“Commander Morrison orders this man put under the Captain’s care.”

There was a hesitant pause, then: “The Captain is busy.”

“This is an emergency.”

The robot’s relays clicked while it made up its mind. “The Commander sent you?”

“Yes. Open up.”

“You may enter,” the robot conceded finally. It drew its locks back, releas­ing the door.

The guard pushed the door open. And stopped.

On the floor lay Captain Taylor, his face blue, his eyes gaping. Only his head and feet was visible. A red-and-white scatter rug was wrapped around him, squeezing, straining tighter and tighter.

Hall dropped to the floor and pulled at the rug. “Hurry!” he barked. “Grab it!”

The three of them pulled together. The rug resisted.

“Help,” Taylor cried weakly.

“We’re trying!” They tugged frantically. At last the rug came away in their hands. It flopped off rapidly toward the open door. One of the guards blasted it.

Hall ran to the vidscreen and shakily dialed the Commander’s emergency number.

Her face appeared on the screen.

“See!” he gasped.

She stared past him to Taylor lying on the floor, the two guards kneeling beside him, their blasters still out.

“What — what happened?”

“A rug attacked him.” Hall grinned without amusement. “Now who’s crazy?”

“We’ll send a guard unit down.” She blinked. “Right away. But how –”

“Tell them to have their blasters ready. And better make that a general alarm to everyone.”

Hall placed four items on Commander Morrison’s desk: a microscope, a towel, a metal belt, and a small red-and-white rug.

She edged away nervously. “Major, are you sure — ?”

“They’re all right, now. That’s the strangest part. This towel. A few hours ago it tried to kill me. I got away by blasting it to particles. But here it is, back again. The way it always was. Harmless.

Captain Taylor fingered the red-and-white rug warily. “That’s my rug. I brought it from Terra. My wife gave it to me. I — I trusted it completely.”

They all looked at each other.

“We blasted the rug, too,” Hall pointed out.

There was silence.

“Then what was it that attacked me?” Captain Taylor asked. “If it wasn’t this rug?”

“It looked like this rug,” Hall said slowly. “And what attacked me looked like this towel.”

Commander Morrison held up the towel to the light. “It’s just an ordinary towel! It couldn’t have attacked you.”

“Of course not,” Hall agreed. “We’ve put these objects through all the tests we can think of. They’re just what they’re supposed to be, all elements unchanged. Perfectly stable non-organic objects. It’s impossible that any of these could have come to life and attacked us.”

“But something did.” Taylor said. “Something attacked me. And it if wasn’t this rug, what was it?”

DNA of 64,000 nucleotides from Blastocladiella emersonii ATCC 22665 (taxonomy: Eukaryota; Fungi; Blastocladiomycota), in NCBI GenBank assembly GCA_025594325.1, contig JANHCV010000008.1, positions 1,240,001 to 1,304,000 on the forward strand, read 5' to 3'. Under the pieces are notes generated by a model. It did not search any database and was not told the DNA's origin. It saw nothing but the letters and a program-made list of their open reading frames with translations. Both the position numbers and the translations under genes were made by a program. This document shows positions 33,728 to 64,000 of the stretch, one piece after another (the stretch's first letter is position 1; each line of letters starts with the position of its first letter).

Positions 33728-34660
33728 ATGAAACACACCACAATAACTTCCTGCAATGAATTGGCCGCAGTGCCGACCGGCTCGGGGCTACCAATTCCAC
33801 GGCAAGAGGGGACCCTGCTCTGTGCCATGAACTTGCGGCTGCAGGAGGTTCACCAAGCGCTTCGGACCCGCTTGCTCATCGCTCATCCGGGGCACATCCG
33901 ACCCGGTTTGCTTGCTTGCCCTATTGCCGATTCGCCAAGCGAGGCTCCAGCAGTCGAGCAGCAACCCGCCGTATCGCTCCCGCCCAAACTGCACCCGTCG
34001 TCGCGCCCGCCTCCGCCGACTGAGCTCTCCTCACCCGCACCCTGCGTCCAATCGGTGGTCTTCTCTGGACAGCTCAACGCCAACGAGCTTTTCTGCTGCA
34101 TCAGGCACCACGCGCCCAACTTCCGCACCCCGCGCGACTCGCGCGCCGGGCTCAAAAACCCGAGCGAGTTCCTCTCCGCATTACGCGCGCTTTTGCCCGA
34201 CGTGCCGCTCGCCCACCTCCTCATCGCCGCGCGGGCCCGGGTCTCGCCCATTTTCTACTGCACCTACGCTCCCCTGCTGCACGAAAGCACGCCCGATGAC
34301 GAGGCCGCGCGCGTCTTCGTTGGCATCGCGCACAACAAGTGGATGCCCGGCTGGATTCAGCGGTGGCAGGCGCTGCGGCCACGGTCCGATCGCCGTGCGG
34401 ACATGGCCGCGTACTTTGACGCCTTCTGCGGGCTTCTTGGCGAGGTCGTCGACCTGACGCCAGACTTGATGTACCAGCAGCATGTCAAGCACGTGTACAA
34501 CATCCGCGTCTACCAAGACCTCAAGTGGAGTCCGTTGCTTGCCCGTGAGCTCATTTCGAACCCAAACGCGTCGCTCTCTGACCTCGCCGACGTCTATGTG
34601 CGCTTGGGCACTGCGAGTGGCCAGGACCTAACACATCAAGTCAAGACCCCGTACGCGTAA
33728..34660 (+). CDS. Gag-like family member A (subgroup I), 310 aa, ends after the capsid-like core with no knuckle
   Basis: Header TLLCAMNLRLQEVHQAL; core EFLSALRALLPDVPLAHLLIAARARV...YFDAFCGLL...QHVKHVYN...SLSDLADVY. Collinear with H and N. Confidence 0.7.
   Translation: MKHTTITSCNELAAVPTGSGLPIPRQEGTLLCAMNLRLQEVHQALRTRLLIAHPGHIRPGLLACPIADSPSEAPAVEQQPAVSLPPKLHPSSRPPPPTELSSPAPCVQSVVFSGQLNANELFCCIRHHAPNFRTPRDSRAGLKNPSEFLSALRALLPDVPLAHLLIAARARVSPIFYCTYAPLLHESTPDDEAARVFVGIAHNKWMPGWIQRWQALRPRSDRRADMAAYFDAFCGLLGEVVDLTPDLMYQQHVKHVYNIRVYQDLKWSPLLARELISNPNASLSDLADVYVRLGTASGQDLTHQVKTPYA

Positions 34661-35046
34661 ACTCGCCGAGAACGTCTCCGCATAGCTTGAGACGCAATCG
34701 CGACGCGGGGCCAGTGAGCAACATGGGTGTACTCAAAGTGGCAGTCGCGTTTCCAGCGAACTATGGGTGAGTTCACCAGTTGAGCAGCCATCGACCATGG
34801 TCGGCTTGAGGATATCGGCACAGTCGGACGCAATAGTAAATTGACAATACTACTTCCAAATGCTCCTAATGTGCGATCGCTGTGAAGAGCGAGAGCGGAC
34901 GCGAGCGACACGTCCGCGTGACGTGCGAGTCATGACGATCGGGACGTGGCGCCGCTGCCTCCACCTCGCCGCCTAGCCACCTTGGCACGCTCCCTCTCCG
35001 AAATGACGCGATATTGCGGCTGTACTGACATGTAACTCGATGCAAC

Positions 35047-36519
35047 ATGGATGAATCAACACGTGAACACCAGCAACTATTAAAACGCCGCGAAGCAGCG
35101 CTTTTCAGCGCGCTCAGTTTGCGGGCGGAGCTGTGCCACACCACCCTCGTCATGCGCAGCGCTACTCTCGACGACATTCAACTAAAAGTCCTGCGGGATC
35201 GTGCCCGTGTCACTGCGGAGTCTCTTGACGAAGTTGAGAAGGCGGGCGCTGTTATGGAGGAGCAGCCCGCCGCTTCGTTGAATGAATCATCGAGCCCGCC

Lieutenant Dodds felt around on the dresser for his gloves. He was in a hurry. The whole unit had been called to emergency assembly.

“Where did I — ?” he murmured. “What the hell!”

For on the bed were two pair of identical gloves, side by side.

Dodds frowned, scratching his head. How could it be? He owned only one pair. The others must be somebody else’s. Bob Wesley had been in the night before, playing cards. Maybe he had left them.

The vidscreen flashed again. “All personnel, report at once. All person­nel, report at once. Emergency assembly of all personnel.”

“All right!” Dodds said impatiently. He grabbed up one of the pairs of gloves, sliding them onto his hands.

As soon as they were in place, the gloves carried his hands down to his waist. They clamped his fingers over the butt of his gun, lifting it from the holster.

“I’ll be damned,” Dodds said. The gloves brought the blast gun up, point­ing it at his chest.

The fingers squeezed. There was a roar. Half of Dodd’s chest dissolved. What was left of him fell slowly to the floor, the mouth still open in amaze­ment.

Corporal Tenner hurried across the ground toward the main building as soon as he heard the wail of the emergency alarm.

At the entrance to the building he stopped to take off his metal-cleated boots. Then he frowned. By the door were two safety mats instead of one.

Well, it didn’t matter. They were both the same. He stepped onto one of the mats and waited. The surface of the mat sent a flow of high-frequency current through his feet and legs, killing any spores or seeds that might have clung to him while he was outside.

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Categories: Dick, Phillip K.